--------------------------

Sag:

After reading your post Dhoulding, I've come to the conclusion that you'll make an excellent astrologer one day. Laughing Laughing

I agree on all points.

My understanding is that if you believe in something so strongly (i.e. Pluto rules Scorpio), you should be able to argue it - or at least let it be open for argument among others in your discipline.

* Steps off soap box *

---------------------------

Deb:

Buoyed by your confidence in me young Sag, I'm going to make an effort to study it properly now. Cool

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Graelhaven:

deb remarks:
Quote:
What concerns me most though Beth, is that when you make remarks, you don’t attach them to any solid reference, demonstration of astrology in practice, or reasoned philosophical theory that astrologers can relate to.


Beth replies: in future I shall attach reference as above so that you see exactly what I'm responding to. I shall also try to refrain from alegory as you seem not to relate well with it. I shall also try to recall that Philosophy is to remain in terms that only you agree with.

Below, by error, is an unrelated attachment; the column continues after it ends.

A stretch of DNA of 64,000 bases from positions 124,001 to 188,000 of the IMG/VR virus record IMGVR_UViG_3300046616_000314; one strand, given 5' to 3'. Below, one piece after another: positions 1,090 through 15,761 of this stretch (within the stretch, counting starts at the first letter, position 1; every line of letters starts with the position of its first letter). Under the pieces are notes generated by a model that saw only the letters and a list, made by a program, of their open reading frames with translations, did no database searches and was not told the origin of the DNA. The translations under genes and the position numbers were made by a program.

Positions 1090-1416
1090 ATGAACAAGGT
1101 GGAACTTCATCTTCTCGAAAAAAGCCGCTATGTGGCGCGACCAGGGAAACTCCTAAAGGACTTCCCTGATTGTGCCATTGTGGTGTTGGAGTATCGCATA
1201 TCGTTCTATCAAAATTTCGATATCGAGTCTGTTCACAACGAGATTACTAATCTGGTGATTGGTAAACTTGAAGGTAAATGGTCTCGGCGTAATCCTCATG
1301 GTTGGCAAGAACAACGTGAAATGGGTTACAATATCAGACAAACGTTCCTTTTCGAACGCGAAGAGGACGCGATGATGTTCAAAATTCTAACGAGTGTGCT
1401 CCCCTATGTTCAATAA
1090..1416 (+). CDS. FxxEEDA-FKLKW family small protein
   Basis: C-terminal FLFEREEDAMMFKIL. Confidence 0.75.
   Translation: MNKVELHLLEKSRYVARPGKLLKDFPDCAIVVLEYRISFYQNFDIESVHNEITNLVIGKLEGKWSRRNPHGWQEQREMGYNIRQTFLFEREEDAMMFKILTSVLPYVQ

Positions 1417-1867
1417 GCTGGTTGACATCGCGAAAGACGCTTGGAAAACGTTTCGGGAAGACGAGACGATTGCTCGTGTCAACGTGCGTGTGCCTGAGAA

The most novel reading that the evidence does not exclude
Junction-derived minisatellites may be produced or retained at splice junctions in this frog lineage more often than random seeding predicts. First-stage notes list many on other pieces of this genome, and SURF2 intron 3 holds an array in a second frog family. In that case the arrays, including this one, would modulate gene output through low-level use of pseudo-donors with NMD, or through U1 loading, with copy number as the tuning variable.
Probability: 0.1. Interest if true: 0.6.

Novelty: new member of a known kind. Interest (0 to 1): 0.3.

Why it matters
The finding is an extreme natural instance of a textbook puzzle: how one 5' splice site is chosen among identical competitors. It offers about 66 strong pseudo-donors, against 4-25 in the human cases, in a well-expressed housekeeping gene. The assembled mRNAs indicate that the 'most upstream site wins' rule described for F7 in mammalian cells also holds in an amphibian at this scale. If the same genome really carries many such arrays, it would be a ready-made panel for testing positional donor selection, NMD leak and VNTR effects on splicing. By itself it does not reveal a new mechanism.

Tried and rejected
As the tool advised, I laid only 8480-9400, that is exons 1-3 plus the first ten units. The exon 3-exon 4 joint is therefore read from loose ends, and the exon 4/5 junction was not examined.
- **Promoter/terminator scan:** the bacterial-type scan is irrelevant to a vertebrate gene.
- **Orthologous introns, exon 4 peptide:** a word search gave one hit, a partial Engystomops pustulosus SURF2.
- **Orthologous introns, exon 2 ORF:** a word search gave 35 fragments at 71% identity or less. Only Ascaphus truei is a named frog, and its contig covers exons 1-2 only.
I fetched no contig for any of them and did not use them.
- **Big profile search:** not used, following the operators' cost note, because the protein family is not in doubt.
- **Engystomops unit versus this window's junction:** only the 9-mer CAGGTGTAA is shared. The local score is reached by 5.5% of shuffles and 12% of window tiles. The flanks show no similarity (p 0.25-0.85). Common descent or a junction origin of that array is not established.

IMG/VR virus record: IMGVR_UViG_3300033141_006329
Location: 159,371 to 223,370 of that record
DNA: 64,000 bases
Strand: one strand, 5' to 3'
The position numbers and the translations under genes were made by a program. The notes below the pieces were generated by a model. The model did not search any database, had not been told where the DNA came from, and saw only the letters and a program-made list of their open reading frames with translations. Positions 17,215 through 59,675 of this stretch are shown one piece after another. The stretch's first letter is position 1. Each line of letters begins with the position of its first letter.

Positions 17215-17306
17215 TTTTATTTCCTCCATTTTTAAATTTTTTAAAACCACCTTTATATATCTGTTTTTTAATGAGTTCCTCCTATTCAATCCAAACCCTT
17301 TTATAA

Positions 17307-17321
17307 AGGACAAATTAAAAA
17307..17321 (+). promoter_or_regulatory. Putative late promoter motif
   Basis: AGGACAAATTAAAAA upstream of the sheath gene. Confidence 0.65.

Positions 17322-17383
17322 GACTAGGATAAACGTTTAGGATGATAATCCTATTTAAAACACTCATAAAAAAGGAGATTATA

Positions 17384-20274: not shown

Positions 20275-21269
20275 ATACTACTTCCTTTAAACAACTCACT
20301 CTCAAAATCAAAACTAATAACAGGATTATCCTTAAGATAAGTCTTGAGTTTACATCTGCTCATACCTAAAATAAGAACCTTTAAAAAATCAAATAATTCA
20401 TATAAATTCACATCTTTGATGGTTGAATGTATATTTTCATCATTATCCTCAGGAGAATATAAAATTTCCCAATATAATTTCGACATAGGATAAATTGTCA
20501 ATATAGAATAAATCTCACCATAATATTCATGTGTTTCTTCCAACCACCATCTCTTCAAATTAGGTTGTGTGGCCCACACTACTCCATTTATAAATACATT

------------------------------

Deb:

I think that implies an autocratic disposition on my part. I have made this an open, public forum so that anyone can share their views and discuss them, or argue points that they wish to support. They can also argue against points they disagree with and I hope that any such discussions take place with a good humour, a fair degree of tolerance and a realisation that anyone aspiring to be an astrologer should aim to rise above petty intellectual disagreements.